Mainstream popular culture tends to prefer human-made cataclysms to the biblical variety. We love to be entertained by portrayals of environmental disasters, viruses unleashed by unethical experimentation, or aliens swooping in to take advantage of our shoddy management of Earth. But there’s little room for good old-fashioned divine intervention.
This might be changing. The new Noah movie and the coming remake of the Left Behind series, starring Nicholas Cage, put a divine agent front and center, and the new HBO drama The Leftovers breathes an air of supernatural mystery into the genre. God is not present directly, but the disaster that befalls humankind has a biblical ring to it.
Three years prior to the main action in The Leftovers, 2 percent of the world’s population disappeared instantaneously in a Rapture-like event. There seems to be no pattern, no rhyme or reason for why some have disappeared and others have remained. What could possibly unite Pope Benedict, Jennifer Lopez, and Condoleezza Rice—all real world celebrities supposedly raptured? Centered in the fictional small town of Mapleton, New York, the series follows those who are “leftover” as they try to resume normal life in the face of destabilizing loss and uncertainty.
Unlike most end-of-the-world dramas, this one features no zombies, no day-to-day battles for survival. The veneer of human civilization remains intact even as all meaning-making systems start to crumble. Most of the citizens of Mapleton are not handling it well. As the town prepares to honor the departed with a parade, the chief of police remarks: “People aren’t ready to heal. They are ready to explode.” Rage, despair, and nihilism threaten to bubble to the top of the most ordinary encounters.
The task of survival is either to make meaning in some imperfect way or learn to live without it—which is not so different from the world we viewers live in, even without the Rapture. The focused uncertainty of The Leftovers is a parable for the same but more diffuse reality of our time. Framing the show this way means it is, or could be, a deeply theological fantasy. Will the show leave room for theological reflection? If so, it should focus on more than explaining phenomena. Any explanation of divine causality would suggest a capricious, chaotic God that Christians would reject.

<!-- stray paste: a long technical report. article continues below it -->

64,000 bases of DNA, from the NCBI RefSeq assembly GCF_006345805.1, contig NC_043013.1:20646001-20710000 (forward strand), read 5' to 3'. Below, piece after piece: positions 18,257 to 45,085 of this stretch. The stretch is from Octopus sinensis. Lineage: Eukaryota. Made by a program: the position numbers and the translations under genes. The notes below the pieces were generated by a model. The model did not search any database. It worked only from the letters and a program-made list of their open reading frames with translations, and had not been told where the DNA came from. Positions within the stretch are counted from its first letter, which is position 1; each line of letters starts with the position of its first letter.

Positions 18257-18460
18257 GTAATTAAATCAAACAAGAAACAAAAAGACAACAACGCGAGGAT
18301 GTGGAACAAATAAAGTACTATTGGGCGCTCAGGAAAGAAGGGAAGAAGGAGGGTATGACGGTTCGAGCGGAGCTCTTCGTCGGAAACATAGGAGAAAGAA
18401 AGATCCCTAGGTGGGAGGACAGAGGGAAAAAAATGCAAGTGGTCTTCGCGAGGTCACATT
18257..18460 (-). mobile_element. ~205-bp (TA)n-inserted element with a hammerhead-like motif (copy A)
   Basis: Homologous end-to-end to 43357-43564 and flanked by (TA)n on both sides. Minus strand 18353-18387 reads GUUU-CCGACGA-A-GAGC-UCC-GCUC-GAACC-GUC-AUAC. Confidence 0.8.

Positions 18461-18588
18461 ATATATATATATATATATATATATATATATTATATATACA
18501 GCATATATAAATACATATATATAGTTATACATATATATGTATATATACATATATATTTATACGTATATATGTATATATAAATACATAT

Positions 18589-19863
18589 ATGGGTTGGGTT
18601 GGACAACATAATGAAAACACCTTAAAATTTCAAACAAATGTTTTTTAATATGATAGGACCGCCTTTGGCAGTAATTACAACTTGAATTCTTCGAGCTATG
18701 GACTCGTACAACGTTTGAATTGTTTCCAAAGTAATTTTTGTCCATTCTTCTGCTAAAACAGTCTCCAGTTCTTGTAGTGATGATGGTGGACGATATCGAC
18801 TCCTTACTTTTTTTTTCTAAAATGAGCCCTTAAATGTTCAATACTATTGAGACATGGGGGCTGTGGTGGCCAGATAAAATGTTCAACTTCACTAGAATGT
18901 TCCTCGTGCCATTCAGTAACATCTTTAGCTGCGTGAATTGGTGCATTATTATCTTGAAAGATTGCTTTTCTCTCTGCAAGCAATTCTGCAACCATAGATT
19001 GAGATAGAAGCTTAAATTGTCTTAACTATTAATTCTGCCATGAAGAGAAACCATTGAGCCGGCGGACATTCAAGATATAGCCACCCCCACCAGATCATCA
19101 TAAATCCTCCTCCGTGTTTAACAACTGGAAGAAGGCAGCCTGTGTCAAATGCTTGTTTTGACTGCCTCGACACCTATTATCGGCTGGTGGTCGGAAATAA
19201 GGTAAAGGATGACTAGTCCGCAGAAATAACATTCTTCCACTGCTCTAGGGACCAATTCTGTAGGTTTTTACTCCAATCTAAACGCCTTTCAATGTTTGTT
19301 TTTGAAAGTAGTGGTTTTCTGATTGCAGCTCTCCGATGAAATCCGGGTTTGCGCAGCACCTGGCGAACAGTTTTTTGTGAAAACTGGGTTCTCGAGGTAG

What if The Leftovers were to address the Christian call to cultivate practices that show meaning in the fabric of lived life? The theological task in such a universe would be offering a way to live in faith, hope, and love even when faced with great uncertainty.
Unfortunately, the show’s main portrayal of religion is heavy-handed. Prophets and messiahs of all stripes emerge out of the woodwork to offer their own mystical wares to a desperate and gullible population. On the outskirts of town is a cult-like group that calls itself the Guilty Remnant. Dressed all in white, its members silently stalk citizens, apparently determined that no one will return to normal life.
The most explicitly religious character on the show is the local Episcopal priest. Someone in the show’s writing room knows something about Christian practice and denominational identity. The attention to Christian liturgical detail—eucharistic preparation, an infant baptism—is lovely and refreshing.
The priest himself is a mixed bag. Matt Jamison (played by Christopher Eccleston) digs up dirt on all those who have disappeared—person X used to hit her kids; person Y cheated on his wife—to prove that they were not raptured for their sanctity. He’s devastated not to be among “the chosen” and is determined to prove that the event could not have been an act of God. While he’s a complex and sympathetic character in many ways, it’s hard to tell if his religious belief is driving him mad or saving him.
There are hints, however, that the show’s writers might grasp a more subtle theological potential in the material. The show offers moments of grace in the midst of chaos. An estranged mother sneaks into her backyard to be near her sleeping family. A grieving husband tenderly bathes his comatose wife. A neighbor helps another put out an accidental fire. If someone were searching for proof of God at work in this world, he or she might pay attention to the evidence of virtue and care in these moments of human connection.
About half of the first season has aired, so it’s hard to predict what the series will add up to. The Leftovers joins a small but persistent stream of shows devoted to the supernatural or mystical. One of its creators, Damon Lindelof, was also a creator of Lost, a wildly successful show that dabbled in supernatural mythologies that were never quite explained. Will The Leftovers similarly scatter clues about the supernatural that lead nowhere? Or will it explore a deeper theme: how humans make sense of life without perfect explanations and live in grace nonetheless? From what I’ve seen so far, I’m hopeful enough to keep tuning in.